As concern over Covid-19 reaches fever pitch, health authorities are telling us the best way to slow the spread of coronavirus is to stay home if we feel even just slightly unwell.
Think open-plan offices where you and your coughing and sneezing colleagues are sitting shoulder-to-shoulder and within bug-spreading range.
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Despite those warnings, there will be those who decide to muscle through the workday no matter how severe their symptoms – and ignorant of the fact they are jeopardising the health of others.
International recruitment firm Robert Half found that around two-thirds of survey participants admitted they sometimes went to work while sick. One-third disclosed they always went to work while ill.
With experts fearing an escalation in the number of cases of those infected with Covid-19, our prevailing workplace culture that seems to encourage us to come to work unwell must change – and fast.
Otherwise we will head into the office to transform the workplace into a cesspool of bugs by opening doors with clammy hands, spraying droplets of contaminated respiratory fluid into the air when we speak, contaminating screens with drippy red eyes and operating the coffee machine with infected fingers.
In a sick sense of irony, many of us will encourage those feeling poorly to leave the office to go home to rest up. Yet we ourselves soldier on when we feel ill.
If in the past you thought coming to work sick highlighted your commitment to the cause, now is the time to ditch that perspective.
Going sick into the workplace will spread your germs like wildfire, making many others unwell and ultimately causing mass workplace illness and potentially the business to grind to a complete halt.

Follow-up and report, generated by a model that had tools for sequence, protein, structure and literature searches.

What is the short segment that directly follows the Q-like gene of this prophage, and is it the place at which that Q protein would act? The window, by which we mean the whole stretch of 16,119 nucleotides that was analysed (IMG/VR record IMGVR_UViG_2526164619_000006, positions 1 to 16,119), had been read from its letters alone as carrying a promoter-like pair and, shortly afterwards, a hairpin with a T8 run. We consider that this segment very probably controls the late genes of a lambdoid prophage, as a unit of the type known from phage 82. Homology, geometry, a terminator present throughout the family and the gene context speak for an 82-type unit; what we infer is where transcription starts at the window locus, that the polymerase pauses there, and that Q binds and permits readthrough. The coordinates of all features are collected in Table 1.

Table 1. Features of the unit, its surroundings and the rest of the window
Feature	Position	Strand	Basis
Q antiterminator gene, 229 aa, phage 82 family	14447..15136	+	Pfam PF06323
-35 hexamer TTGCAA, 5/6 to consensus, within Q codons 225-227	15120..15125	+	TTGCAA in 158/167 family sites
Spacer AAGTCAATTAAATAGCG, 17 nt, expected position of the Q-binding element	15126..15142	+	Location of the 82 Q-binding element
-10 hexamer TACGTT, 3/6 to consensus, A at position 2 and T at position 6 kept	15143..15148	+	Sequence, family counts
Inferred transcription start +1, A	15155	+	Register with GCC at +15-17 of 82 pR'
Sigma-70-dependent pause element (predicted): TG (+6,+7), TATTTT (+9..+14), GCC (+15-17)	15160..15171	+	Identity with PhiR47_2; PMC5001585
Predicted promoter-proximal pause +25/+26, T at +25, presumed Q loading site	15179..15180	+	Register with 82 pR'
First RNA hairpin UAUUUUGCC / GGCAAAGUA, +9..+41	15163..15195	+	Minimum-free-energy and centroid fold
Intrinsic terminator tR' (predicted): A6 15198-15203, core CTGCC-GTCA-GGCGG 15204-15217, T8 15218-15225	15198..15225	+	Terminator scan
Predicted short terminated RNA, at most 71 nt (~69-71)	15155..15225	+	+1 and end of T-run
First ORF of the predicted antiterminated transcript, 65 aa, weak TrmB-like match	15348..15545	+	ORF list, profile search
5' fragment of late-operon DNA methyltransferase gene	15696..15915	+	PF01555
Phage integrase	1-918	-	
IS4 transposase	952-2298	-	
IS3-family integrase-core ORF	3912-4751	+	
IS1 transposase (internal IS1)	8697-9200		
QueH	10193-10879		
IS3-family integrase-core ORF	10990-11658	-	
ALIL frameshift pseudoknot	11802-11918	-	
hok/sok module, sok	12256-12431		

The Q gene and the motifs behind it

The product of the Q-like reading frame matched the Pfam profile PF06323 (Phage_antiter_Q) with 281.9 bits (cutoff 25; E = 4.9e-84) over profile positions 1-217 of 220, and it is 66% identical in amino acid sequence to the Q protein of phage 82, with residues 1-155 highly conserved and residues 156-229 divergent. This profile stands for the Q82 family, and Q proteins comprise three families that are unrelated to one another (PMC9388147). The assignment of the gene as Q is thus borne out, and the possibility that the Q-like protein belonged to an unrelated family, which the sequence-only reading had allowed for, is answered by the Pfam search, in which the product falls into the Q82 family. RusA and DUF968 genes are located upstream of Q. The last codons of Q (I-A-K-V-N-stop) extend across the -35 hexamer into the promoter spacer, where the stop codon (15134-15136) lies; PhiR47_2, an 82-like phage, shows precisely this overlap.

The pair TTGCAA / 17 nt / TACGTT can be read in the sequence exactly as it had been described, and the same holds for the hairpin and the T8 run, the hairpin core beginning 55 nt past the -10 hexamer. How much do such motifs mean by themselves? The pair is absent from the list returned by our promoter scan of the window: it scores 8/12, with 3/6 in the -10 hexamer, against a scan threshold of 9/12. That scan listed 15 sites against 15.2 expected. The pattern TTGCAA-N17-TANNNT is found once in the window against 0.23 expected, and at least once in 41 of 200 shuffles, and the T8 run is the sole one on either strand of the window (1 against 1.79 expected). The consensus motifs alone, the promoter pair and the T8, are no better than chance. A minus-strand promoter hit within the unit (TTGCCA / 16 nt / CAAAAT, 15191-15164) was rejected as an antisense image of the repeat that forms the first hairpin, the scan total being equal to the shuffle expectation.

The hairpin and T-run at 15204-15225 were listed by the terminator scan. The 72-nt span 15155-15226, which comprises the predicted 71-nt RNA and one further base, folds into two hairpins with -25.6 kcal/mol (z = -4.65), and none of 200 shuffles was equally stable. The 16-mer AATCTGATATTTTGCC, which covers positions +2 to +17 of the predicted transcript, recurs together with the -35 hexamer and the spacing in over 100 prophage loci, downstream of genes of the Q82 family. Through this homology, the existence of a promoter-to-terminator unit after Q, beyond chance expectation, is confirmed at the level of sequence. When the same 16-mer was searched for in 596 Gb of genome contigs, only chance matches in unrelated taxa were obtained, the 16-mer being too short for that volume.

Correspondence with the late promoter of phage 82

And infecting others is dangerous.
You might be fit as a fiddle and able to withstand a debilitating illness but not all colleagues have the same fighting power.
Some bosses are to blame for workers showing up sick in the office. They should hang their heads in shame for making team members feel uncomfortable about staying home when unwell.
To protect our business, staff, bosses and our customers need to pull out all stops.
Bosses should tell those who are unwell to go home and stay home, and lead by example. If an employee has used up their allotted sick leave, they should be offered extra sick leave without financial penalty.
For those silly enough to ignore the barrage of advice on offer from health experts and still front up to work feeling crummy, be warned – the healthy will strike back.
A selfish play for admiration is more likely to be greeted with disdain and leave you sick-shamed.
Instead of being offered paracetamol, a packet of cough drops, vitamin C supplements or a sympathetic ear, expect to be told "go home, don't spread your germs here", "if you stay here you will make everyone else sick" or "please cover your mouth when you cough".
Be prepared for a sick-shamer to shove a box of tissues your way; use hand sanitiser before engaging with you; place a face mask on your desk; discharge a full can of disinfectant spray in your direction; or insist on you being banished to a remote part of the workplace like an office outcast.
So before you front up at work coughing like your throat is filled with crushed glass, keep in mind that, regardless of whether your illness is contagious, staying at home will hasten your recovery, prevent colleagues from dropping like flies and spare you from becoming an office pariah.
• Professor Gary Martin is a workplace culture expert with the Australian Institute of Management.